Sunday, November 10, 2013

The Secrets of Sewing: Sewing Efficiency


Containing Concise and Definite Instructions for the Better Use of the Sewing Machine

by Olive M. Elrich, Hazel L. Hunt ( 7th ed, Greist,  New Haven Connecticut 1925;  Bebarfalds, George St, Sydney)

From the back cover: ‘written so that a girl of 10 can understand it’, ’fully illustrated’

Price in 1925: 5 shillings (Australia)
Soft cover, stapled spine, 64 pages.


‘The French Fold’ created with the binder and a pair of disembodied stunt hands.

Despite the claim on the back cover, a reading age greater than ten is almost certainIy required to make good use of this book. Nonetheless, it is clearly written and well illustrated. If you have a set of vintage Greist attachments, and wondered what they could have been used for, then this book will give an indication, and perhaps some inspiration.  I purchased this book as an accessory for my Bebarfald Blue-Bird treadle sewing machine. Blue-Birds were originally issued with a set of Greist attachments: corder foot, narrow hemmer, ruffler, 3/8 and 7/8 hemmers, attachment foot, tucker, quilter, shirrer, underbraider, hem stitcher and a bias gauge.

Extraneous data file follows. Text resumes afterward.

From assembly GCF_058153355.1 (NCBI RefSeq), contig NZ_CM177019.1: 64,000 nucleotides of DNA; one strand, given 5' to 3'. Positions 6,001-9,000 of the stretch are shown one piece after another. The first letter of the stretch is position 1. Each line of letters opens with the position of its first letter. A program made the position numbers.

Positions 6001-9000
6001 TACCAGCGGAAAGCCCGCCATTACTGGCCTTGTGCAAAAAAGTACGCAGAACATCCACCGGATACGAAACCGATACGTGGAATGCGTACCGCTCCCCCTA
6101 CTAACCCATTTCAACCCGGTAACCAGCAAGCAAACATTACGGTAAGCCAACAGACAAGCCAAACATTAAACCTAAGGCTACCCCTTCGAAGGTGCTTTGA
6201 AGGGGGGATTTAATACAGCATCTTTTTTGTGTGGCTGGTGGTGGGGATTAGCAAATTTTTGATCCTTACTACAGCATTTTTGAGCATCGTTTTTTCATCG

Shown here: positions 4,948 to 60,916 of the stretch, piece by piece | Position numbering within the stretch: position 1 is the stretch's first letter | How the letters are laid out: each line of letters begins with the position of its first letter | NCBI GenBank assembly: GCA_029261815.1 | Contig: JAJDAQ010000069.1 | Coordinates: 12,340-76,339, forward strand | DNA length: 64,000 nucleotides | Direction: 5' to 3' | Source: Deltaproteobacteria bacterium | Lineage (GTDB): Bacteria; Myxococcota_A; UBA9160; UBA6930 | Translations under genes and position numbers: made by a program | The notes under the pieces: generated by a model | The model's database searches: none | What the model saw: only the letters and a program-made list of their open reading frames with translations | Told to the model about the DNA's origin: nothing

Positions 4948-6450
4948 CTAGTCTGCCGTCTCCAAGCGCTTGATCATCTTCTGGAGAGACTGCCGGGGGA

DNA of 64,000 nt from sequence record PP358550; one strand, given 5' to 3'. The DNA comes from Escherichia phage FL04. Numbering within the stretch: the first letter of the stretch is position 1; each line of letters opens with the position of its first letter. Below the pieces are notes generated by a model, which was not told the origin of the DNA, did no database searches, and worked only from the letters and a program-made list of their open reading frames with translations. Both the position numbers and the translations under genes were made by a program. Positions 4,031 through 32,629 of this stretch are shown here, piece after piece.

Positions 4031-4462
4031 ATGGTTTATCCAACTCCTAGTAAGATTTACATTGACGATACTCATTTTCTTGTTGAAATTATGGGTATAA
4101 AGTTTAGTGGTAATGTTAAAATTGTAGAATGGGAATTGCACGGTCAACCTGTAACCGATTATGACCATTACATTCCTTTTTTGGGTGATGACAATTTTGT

Aprons feature fairly heavily in Elrich and Hunt’s book. Some are such sheer and lacy affairs, it is hard to imagine them serving any practical purpose.


It would be salacious to suggest that they might have gone best with the camisole.


But there are some more practical ideas for when one is not entertaining:


Here is another practical apron, although I found myself admiring the blouse:


And consider what might be achieved with the tucker and ruffler:


Or the underbraider:


There are also ideas for the baby’s bonnet, bassinette and the toddler’s rompers.


I was motivated to acquire this book as a nice companion piece for my Bebarfald Blue-Bird. If I did not have that connection, I might not have chased this book down. But there is every chance that this book may inspire me to put  those attachments to more use.

I am also grateful to the Misses Elrich and Hunt for their graceful assertion that sewing is a fine art:

‘All things that are necessary are beautiful, and surely the knowledge of how to clothe your body in simple, artistic clothing is rightly a beautiful art.’

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